FOOTBALL CLUBS are resisting pressure to have their stadiums checked for signs of excessive crowd induced movement during matches or pop concerts, the Football Licencing Authority (FLA) said this week.
Local authorities are also ignoring government guidance on the matter because they lack the skills to supervise tests.
Dangers associated with excessive structural response to rhythmic crowd movement include the risk of panic, leading to stampedes as structures move under rhythmic loads.
FLA chief executive John de Quidt told NCE this week that the response to two advisory documents published in the last 12 months had been patchy.
The FLA is responsible for football stadium safety.
'We haven't made as much progress as we would have liked, ' he said.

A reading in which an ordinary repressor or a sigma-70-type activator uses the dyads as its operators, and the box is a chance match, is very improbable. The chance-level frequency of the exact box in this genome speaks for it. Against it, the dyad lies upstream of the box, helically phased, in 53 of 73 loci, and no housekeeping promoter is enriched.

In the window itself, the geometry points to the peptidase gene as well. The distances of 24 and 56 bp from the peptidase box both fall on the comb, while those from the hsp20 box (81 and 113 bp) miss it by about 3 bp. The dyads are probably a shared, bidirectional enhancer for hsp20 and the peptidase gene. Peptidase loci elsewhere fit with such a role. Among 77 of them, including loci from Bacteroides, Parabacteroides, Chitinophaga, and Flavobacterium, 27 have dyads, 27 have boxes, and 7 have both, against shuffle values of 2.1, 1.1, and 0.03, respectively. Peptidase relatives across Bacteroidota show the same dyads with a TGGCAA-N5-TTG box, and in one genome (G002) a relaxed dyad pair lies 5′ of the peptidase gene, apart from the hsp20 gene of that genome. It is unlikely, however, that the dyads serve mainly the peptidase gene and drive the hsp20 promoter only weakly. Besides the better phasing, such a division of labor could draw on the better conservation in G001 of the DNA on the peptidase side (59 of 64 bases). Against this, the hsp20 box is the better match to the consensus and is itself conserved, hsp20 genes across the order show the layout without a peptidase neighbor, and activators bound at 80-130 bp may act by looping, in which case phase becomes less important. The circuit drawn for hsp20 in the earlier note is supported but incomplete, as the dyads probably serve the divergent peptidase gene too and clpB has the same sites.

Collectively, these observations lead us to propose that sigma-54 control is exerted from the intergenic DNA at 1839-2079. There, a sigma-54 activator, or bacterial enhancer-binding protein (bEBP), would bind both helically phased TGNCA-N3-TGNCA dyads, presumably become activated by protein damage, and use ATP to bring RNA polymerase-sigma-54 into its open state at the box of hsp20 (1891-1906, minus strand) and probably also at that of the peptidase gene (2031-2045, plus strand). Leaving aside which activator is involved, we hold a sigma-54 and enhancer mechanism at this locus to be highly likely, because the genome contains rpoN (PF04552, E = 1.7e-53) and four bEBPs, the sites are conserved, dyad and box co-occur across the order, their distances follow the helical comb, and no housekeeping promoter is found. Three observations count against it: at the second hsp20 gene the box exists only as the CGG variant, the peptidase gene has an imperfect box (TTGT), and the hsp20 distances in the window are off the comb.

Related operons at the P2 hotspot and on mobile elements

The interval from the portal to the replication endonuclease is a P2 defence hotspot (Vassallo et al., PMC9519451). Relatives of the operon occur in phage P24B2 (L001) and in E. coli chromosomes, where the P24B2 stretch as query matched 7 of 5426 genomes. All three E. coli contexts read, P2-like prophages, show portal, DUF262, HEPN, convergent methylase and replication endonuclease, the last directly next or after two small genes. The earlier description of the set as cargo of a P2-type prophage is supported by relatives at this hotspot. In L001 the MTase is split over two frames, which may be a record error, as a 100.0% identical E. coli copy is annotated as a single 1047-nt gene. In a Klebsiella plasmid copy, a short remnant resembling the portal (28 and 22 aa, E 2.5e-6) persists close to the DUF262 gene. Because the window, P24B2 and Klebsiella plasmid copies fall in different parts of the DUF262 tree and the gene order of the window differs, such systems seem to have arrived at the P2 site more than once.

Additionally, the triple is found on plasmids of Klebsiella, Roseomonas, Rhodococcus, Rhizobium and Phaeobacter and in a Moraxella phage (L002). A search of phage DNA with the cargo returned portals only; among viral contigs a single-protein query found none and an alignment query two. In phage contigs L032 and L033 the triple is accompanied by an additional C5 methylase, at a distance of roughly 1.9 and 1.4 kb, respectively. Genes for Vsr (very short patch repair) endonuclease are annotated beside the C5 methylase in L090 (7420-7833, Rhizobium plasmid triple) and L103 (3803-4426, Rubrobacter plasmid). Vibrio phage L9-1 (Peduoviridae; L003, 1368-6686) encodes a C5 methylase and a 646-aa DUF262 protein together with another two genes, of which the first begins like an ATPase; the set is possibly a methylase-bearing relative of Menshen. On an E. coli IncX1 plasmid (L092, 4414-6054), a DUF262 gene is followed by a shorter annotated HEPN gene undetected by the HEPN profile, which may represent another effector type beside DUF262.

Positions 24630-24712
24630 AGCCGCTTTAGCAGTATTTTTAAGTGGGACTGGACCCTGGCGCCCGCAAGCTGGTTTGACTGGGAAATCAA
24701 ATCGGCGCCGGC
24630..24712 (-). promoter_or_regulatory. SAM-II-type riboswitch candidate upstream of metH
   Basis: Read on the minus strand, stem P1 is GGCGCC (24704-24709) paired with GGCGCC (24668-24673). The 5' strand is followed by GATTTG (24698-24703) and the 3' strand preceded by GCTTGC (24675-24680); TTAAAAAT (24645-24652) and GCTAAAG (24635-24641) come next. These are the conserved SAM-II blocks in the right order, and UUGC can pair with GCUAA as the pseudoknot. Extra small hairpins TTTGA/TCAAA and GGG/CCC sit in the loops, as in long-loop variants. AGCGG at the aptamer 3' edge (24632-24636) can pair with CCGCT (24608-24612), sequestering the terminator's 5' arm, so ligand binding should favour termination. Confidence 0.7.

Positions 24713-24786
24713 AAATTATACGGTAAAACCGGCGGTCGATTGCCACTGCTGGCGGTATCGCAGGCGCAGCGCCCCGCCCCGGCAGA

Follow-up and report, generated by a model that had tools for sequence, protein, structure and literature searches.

'Technically this is the most challenging issue we've ever faced, very much at the cutting edge of technology, and it may be that local authorities no longer have the engineering skills to cope with it.
'But this is also not a good time to get the average football club to lay out up to £40,000 to test for a problem which may never happen.'
In November 2001 a working party made up of representatives of the Institution of Structural Engineers, the Department of Transport Local Government & the Regions and the Department for Culture Media & Sport published interim guidance on the dynamic performance requirements for permanent grandstands.
This was followed in June this year with an advisory note on dynamic testing.
Both documents stressed the need for physical tests on stands rather than desk studies using finite element analysis, as only actual physical tests could give reliable results.
Excessive rhythmic loading can occur at football matches as well as pop concerts, de Quidt said, and can involve lateral swaying as well as vertical bouncing.